I suspect (without actually looking at it, so I might be wrong here) that the cause of the problems is the avisynth-cache, which may not be thread safe. If that's the case, there's no way around fixing it.
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Old 21st July 2008, 01:49   #15  |  Link
martino
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Quote:
Originally Posted by Gavino View Post
In principle, yes. You'd need Interleave as well of course, to put the result back together again.
Oh, that's right. I forgot about that.

Quote:
Originally Posted by QuaddiMM View Post
Thanks for the replies.
@martino:
You mean something like
Code:
src = last
a = src.SelectEven.BilinearResize (640, 480).PipeLine
b = src.SelectOdd.BilinearResize (640, 480).PipeLine
Interleave (a, b)
?
That 'would' be possible, if it would actually work (and not crash).
Yup. That was exactly what I was thinking.

*downloads filter and will try some other time
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Old 21st July 2008, 05:12   #16  |  Link
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Instead of implementing serialization in another filter, why not just put it in pipeline and use it on every filter in the script? It's cheap to implement with a critical section like the code posted (critical sections are a lot faster than the other synchronization primitives).
I'd have to check your code again but I think it's already more or less serialized anyway, since getframe blocks for the "fetch" thread to return if it's already running. So if pipeline were in place immediately after a non-threadsafe filter, wouldn't it ensure only one getframe call went through at a time?

Re: my idea of analyzing the frame order, I think scripts where this would be most useful are going to be the ones doing some sort of framerate adjustment via mvtools and whatever. Typically not linear access. Even adding a selecteven or selectodd would bork that. I never really got into statistics but something like a decaying mode would probably work, even for odd patterns (e.g. frame 0, frame 2, frame 3, frame 5 etc). I'll see if I can come up with some code.
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Old 21st July 2008, 06:16   #17  |  Link
Gavino
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Quote:
Originally Posted by squid_80 View Post
Instead of implementing serialization in another filter, why not just put it in pipeline and use it on every filter in the script? ...
I think it's already more or less serialized anyway, since getframe blocks for the "fetch" thread to return if it's already running. So if pipeline were in place immediately after a non-threadsafe filter, wouldn't it ensure only one getframe call went through at a time?
The problem is when you have more than just a linear chain. In my earlier example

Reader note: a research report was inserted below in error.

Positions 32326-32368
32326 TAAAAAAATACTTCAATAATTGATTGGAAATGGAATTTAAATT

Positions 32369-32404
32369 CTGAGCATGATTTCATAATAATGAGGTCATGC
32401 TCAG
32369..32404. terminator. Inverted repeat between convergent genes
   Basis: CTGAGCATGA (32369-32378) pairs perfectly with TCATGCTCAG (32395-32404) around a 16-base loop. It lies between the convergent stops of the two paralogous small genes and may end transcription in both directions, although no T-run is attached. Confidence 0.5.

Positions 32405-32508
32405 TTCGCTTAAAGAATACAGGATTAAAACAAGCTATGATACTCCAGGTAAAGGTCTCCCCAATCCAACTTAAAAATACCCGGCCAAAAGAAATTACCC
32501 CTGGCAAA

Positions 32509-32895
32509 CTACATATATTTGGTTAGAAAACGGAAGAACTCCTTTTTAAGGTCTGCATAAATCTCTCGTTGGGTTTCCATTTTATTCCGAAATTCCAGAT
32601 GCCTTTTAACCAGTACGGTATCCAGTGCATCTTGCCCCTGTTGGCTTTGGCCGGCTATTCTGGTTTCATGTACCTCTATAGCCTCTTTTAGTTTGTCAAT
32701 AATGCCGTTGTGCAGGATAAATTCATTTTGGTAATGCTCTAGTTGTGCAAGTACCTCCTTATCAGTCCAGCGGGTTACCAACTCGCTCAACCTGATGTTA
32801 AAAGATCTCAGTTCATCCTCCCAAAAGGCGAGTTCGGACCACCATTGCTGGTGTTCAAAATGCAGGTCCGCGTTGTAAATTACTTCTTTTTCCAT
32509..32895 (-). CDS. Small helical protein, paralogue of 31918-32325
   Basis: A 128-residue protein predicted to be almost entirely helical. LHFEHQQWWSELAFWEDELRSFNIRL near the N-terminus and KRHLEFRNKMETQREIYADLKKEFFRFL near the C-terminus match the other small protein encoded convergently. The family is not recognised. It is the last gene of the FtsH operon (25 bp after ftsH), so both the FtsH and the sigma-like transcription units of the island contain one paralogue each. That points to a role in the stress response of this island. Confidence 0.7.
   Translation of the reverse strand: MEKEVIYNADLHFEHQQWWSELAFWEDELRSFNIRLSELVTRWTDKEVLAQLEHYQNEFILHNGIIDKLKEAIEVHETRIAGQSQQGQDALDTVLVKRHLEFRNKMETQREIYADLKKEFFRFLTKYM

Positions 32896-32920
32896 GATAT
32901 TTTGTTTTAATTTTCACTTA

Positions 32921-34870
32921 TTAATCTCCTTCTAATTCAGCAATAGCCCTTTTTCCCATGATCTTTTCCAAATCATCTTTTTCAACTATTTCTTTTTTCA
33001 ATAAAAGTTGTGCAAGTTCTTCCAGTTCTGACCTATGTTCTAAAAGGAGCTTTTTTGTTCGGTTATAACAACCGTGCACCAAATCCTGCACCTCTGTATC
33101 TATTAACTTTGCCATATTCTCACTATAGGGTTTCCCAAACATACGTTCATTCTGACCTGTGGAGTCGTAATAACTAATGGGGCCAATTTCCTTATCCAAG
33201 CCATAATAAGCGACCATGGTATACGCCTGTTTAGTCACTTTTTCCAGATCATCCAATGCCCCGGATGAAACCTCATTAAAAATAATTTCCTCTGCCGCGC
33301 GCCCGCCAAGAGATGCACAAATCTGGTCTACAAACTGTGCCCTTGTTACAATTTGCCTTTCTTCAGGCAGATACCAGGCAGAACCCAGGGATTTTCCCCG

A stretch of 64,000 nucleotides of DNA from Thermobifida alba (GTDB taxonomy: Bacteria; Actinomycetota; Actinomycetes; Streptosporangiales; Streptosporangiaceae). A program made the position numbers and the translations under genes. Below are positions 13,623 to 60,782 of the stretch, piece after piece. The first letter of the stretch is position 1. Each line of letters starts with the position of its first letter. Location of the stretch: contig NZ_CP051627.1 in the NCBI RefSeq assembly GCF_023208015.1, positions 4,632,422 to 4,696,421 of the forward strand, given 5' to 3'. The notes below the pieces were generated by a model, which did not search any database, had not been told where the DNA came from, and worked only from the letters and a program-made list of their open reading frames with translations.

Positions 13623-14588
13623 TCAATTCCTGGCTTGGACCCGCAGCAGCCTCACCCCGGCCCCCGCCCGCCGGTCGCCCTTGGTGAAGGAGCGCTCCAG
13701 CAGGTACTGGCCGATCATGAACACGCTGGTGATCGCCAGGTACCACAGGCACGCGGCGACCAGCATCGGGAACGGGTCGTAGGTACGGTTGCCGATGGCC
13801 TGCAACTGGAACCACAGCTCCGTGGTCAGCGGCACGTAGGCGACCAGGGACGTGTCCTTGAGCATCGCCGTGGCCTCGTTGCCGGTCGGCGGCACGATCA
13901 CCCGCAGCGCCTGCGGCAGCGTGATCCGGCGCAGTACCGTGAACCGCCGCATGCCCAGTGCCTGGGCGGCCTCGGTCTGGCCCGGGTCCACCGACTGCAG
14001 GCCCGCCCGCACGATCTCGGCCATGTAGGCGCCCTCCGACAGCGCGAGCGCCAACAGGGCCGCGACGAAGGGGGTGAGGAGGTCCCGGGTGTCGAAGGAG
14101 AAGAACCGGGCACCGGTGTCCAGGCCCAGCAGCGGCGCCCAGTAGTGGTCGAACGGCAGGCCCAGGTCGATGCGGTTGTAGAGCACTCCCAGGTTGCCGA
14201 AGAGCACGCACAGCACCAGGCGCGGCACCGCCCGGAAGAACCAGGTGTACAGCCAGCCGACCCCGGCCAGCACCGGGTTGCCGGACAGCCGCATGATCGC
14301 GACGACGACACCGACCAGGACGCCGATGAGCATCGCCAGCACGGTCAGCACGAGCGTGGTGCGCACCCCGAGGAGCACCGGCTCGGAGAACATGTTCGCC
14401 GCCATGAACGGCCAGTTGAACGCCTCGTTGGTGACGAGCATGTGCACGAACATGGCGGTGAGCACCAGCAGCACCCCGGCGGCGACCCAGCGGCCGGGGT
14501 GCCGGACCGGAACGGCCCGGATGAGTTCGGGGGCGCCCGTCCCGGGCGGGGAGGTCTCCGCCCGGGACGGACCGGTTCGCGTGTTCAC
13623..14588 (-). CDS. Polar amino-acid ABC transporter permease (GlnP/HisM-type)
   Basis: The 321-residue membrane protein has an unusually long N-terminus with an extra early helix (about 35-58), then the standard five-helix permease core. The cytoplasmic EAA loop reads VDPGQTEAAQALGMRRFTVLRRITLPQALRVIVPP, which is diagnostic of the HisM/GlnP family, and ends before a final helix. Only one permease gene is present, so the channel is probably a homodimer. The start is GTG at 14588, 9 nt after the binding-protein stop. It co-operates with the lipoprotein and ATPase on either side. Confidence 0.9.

Code:
src = AviSource(...).AnyFilter().Serialize()
a = src.SelectEven.BilinearResize (640, 480).PipeLine
b = src.SelectOdd.BilinearResize (640, 480).PipeLine
Interleave (a, b)
it seems to me the serialisation has to be done on the common part of the graph, hence immediately after AnyFilter as I described.

Or are you suggesting that the two pipelines would co-operate to enforce serial access at a global level? Hmm, perhaps you're right, I'm not sure now.
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Old 21st July 2008, 08:35   #18  |  Link
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I meant just do this:
Code:
src = AviSource(...).AnyFilter().PipeLine()
a = src.SelectEven.BilinearResize (640, 480).PipeLine()
b = src.SelectOdd.BilinearResize (640, 480).PipeLine()
Interleave (a, b)
since pipeline will already take care of the serialization (I think).

I replaced my avisynth.dll with the one from tsp's last MT avisynth build (since 2.6 isn't quite ready), and it's not crashing anymore. Don't use any setmtmode statements, I think they'll just slow things down or worse cause a deadlock. Simple mpeg2source().resize() scripts perform at double their previous speed.
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Old 21st July 2008, 10:12   #19  |  Link
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Well, in the practical world there are some issues, that make this more complex than it seems. I've written a prefetch addon to MT, which I have used for some of my own tests. It works almost completely like yours, but problems arise from complex scripts.

The example above works nicely en the example, but what if you want to use a temporal filter? If you use spatial division, as Mt(""), you must compute an overlap, plus you get penalized for thread synchronization, since you cannot return a frame before both threads have completed, and they very seldom are finished in the same amount of time.